I have now worked for forty days straight. According to NaNoWriMo, I average close to 3 hours a day. Mostly, it is exhausting and anxiety provoking. I feel like a hamster on a wheel. Wake up – work. Next day – wake up, work. Endless. The good news is that I finished editing another chapter. Four down, six to go.
I have plans to fly to Florida next week. Because of the pending governmental shutdown, everything is up in the air (no pun intended). I don’t enjoy flying in the best of circumstances. Thinking about doing it when there will either be pissed off traffic controllers who aren’t getting paid or less of them is terrifying. I hate the Republicans.
This is going to be a short post because I have little mental bandwidth left. I have worked over 91 hours for 33 days. This week, I worked 3 1/4 hours a day, on average.
I am trying to do three or four things at once. Look over a chapter and make changes, edit the citations, and add them to my ongoing bibliography, using ZoteroBib. Sometimes after a few hours, my brain hurts. I am not sure I will keep this up, but I must try.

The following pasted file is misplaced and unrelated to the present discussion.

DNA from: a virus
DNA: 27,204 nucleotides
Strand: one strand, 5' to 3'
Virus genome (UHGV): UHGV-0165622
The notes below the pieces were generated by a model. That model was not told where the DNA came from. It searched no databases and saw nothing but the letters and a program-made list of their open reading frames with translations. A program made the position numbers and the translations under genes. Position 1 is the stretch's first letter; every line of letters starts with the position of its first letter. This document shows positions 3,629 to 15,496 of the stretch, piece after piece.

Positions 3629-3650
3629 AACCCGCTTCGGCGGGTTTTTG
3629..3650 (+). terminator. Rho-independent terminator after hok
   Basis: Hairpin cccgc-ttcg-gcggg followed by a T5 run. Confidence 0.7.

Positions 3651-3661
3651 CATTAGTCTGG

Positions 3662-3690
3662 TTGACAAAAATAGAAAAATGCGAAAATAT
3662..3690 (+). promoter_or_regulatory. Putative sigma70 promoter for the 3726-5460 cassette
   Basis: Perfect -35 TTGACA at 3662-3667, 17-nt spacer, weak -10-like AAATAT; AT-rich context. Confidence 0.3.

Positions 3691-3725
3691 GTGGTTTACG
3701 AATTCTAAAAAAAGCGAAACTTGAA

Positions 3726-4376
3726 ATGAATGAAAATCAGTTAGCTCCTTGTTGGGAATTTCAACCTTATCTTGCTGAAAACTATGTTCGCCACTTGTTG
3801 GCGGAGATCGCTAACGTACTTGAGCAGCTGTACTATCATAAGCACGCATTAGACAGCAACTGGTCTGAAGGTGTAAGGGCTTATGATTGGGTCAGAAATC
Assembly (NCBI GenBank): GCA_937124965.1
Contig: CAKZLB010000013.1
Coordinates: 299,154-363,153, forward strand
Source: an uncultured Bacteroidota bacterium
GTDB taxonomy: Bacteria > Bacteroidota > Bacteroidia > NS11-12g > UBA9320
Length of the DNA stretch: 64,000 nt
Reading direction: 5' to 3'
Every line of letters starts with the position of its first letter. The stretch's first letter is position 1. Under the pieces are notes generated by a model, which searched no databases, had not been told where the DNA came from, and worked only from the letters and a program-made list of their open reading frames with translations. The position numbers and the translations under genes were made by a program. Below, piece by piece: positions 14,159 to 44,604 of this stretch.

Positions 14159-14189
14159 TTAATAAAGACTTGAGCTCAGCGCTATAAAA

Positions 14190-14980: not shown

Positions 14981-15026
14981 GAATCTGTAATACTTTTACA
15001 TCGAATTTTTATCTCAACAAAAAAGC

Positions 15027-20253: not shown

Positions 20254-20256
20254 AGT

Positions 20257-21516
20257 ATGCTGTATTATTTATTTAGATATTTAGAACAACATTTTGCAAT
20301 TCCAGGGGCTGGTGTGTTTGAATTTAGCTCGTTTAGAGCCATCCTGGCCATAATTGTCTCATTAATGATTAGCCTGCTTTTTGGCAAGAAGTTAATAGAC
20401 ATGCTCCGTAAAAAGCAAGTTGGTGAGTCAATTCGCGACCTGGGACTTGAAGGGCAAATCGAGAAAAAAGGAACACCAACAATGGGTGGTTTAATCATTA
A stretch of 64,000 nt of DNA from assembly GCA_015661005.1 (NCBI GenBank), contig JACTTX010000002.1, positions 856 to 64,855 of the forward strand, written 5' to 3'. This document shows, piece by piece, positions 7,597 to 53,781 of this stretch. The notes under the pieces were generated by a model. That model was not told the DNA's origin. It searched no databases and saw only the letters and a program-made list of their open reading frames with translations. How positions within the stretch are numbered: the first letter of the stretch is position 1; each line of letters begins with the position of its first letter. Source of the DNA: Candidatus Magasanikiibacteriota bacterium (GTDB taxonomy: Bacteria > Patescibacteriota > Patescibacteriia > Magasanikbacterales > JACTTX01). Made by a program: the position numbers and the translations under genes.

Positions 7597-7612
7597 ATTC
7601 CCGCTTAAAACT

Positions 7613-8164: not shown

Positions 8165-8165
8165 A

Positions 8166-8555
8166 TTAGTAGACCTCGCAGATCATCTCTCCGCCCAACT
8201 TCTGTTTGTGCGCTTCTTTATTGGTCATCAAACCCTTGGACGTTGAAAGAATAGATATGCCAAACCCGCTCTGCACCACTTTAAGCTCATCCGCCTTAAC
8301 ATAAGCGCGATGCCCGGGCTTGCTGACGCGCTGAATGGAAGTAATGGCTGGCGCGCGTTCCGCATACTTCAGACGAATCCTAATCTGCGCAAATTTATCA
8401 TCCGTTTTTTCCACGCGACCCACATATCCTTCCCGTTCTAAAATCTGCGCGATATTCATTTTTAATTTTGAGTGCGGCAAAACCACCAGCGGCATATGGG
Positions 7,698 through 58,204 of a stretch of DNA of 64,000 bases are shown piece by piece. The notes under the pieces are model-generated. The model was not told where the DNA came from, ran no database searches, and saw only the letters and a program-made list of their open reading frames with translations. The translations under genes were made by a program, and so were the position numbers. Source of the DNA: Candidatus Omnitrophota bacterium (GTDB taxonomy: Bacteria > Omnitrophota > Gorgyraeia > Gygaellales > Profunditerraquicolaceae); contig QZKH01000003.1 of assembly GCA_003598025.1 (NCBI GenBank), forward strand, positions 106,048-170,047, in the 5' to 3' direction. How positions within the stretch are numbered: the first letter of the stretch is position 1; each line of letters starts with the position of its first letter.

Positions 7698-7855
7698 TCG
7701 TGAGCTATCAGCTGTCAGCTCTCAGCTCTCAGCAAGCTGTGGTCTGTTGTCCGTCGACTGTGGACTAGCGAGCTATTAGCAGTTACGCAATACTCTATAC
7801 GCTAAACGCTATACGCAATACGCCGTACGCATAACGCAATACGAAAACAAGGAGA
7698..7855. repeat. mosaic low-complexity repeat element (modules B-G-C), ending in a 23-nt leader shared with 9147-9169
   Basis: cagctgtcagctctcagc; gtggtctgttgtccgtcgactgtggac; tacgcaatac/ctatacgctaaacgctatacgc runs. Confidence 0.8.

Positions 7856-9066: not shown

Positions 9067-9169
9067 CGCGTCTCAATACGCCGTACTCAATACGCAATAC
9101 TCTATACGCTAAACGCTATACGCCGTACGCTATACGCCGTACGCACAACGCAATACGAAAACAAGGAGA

I picked up the pace this week, working an average of 3.7 hours a day. The weekend was particularly productive. On Saturday, I worked for 3.5 hours and on Sunday for over 5. My hard work this week led to my sending another chapter to my editor.
I tried using Zotero, installing it with help on Friday. Then I started adding citations. The process was overwhelming. My conclusion was that it was more trouble than it was worth. I am going to do the footnotes manually and use the cloud version of Zotero, Zotero Bib, for my bibliography. I will have the editor copy-edit everything. This is the best solution. If I was just beginning a project, I probably would use Zotero or some other citation manager. It is just too late in the process to learn something new.